We have been in conversation, and then getting geared up with a bike builder, Jay Borden, of Roulez Cycles, in Lynn, MA for over a year to help us obtain an adaptive tandem bike that was easier to transport, and easier to handle than the adaptive tandem bike we have had for a number of years. It has been a challenge, and a real collaborative effort to be sure the frame worked for what I need in an adaptive tandem.
Additional challenges mounted as we worked to added the e-assist to the bike, essential for us to have since between all the gear we need to carry to keep me safe in warm weather, plus the weight of the bike, and ourselves, everything adds up to nearly 400 pounds–easy when rolling on a flat trail, not so easy at all on steep inclines. My husband figured out the e-assist part, after a number of maddening programming issues, and on a warm July morning, he said, “let’s go!”
Yes, the day promised to be near 90 degrees. We headed to the coast, to the East Bay Bike Path, for that reason, knowing it would be cooler along the ocean. But we also packed my cooling vest, made by Veskimo products, that I wear in warm weather, an essential adaptive piece of equipment that makes the difference in keeping me safe, since I am unable to sweat to help me cool off.
This new bike comes apart into three pieces, joined together by ingenious S&S couplers. Piecing the bike together at the bike trail is still a work in progress, and we are working out those details, but it all worked, extra ice and bike tools were packed up, and we headed out along Narragansett Bay, starting in E. Providence.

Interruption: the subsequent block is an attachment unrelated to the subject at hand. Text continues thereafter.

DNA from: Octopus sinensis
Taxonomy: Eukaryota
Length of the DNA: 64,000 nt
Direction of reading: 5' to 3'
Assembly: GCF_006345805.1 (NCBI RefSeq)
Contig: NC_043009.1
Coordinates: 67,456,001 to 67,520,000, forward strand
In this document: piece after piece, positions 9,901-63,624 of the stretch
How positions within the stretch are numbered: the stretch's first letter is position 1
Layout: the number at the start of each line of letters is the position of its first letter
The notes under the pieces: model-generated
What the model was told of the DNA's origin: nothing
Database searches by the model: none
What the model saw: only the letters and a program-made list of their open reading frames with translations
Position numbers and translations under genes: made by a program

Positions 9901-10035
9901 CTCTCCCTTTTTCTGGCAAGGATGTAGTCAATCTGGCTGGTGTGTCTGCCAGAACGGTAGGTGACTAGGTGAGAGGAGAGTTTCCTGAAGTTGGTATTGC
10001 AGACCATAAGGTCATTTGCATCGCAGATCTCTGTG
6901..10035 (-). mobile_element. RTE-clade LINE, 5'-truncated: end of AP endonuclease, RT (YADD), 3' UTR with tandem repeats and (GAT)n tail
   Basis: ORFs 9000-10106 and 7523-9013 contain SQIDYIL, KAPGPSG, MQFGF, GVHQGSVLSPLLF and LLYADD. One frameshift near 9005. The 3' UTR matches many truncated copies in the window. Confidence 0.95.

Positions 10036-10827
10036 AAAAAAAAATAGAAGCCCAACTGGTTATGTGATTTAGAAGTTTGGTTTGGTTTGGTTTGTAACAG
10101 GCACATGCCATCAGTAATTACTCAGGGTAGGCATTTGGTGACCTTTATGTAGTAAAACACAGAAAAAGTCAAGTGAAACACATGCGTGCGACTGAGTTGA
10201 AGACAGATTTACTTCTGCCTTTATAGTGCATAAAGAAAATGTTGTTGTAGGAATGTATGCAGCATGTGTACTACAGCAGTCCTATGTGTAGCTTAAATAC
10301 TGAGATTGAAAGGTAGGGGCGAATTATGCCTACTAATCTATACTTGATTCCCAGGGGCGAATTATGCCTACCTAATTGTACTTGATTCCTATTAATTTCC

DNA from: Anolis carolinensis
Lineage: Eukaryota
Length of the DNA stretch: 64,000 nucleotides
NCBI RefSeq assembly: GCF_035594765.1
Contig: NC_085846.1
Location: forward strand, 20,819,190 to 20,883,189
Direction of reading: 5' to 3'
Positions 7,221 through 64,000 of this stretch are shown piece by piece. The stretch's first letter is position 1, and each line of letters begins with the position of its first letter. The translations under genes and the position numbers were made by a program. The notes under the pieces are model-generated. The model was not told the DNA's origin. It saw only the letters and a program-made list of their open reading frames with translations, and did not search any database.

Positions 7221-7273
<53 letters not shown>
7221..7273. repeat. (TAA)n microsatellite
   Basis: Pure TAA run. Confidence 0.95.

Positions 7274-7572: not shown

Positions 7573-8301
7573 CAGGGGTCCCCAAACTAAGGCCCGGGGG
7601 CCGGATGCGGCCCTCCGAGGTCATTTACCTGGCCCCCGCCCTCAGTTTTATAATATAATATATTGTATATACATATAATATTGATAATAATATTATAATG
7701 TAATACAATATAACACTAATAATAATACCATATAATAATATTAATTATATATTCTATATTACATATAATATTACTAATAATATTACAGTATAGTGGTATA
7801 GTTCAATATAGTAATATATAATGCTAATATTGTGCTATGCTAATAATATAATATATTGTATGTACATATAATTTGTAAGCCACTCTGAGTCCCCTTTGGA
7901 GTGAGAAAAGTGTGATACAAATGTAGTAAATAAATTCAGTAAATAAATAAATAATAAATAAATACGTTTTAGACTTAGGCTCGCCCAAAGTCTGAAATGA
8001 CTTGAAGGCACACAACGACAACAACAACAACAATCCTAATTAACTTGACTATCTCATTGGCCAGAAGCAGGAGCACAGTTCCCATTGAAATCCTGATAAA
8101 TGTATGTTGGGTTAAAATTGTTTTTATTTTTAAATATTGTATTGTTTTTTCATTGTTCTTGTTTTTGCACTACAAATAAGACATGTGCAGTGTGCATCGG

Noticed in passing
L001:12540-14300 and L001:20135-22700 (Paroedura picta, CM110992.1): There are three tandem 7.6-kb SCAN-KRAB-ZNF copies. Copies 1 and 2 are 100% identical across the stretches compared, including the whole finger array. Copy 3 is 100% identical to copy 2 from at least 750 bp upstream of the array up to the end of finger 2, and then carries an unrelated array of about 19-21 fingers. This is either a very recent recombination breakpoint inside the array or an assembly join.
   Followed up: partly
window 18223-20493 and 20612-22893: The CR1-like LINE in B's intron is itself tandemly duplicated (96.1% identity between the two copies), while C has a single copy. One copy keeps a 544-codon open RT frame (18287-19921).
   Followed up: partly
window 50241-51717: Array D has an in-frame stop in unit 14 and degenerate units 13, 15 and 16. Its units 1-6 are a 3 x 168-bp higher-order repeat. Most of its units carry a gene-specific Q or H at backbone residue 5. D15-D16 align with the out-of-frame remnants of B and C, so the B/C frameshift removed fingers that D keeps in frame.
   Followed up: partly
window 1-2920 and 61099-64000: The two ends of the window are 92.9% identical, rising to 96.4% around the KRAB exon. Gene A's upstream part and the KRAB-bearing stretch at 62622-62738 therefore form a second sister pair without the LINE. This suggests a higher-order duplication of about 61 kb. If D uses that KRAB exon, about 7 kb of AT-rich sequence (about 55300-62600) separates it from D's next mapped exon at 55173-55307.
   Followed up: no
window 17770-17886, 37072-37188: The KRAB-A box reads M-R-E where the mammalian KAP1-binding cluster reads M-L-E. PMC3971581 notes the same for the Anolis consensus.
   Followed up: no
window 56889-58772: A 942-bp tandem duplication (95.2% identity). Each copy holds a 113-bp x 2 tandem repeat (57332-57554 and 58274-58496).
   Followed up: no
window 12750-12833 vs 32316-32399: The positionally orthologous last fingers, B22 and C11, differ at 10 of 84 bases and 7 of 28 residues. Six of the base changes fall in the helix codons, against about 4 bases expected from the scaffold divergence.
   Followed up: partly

Low tide meant we saw lots of birds along the way, hunting in the shallows of the ponds at the edge of the bay. We stopped for only a few pictures, but did capture a great blue heron taking advantage of the boardwalk that can be accessed either from the bike trail or from the Boyden Heights conservation area.
The heat provided a perfect excuse to stop at the Dari-Bee in Riverside for cups of cool ice cream. This ice cream stop is directly along the trail, which makes it perfect for peddlers of all sizes to stop and cool off in the shade next to the trail.
We are still working out the kinks for how to best situate handlebars and seats, so this was a short (ten mile) trip, but it certainly won’t be the last. It has been a lot of work to make this bike do just what we needed, but that’s part of the territory when adapting anything. For now, we are on a roll…
Marjorie Turner Hollman is a personal historian who loves the outdoors, and is the author of Easy Walks in Massachusetts, 2nd edition, More Easy Walks in Massachusetts, 2nd edition, and editor of Easy Walks and Paddles in the Ten Mile River Watershed. Just out is her latest book, Finding Easy Walks Wherever You Are. She has been a freelance writer for numerous local, regional, and national publications for the past 20+ years, has helped numerous families to save their stories, and has recorded multiple veterans oral histories, now housed at the Library of Congress. She is a co-author of the recent community history, Bellingham Now and Then.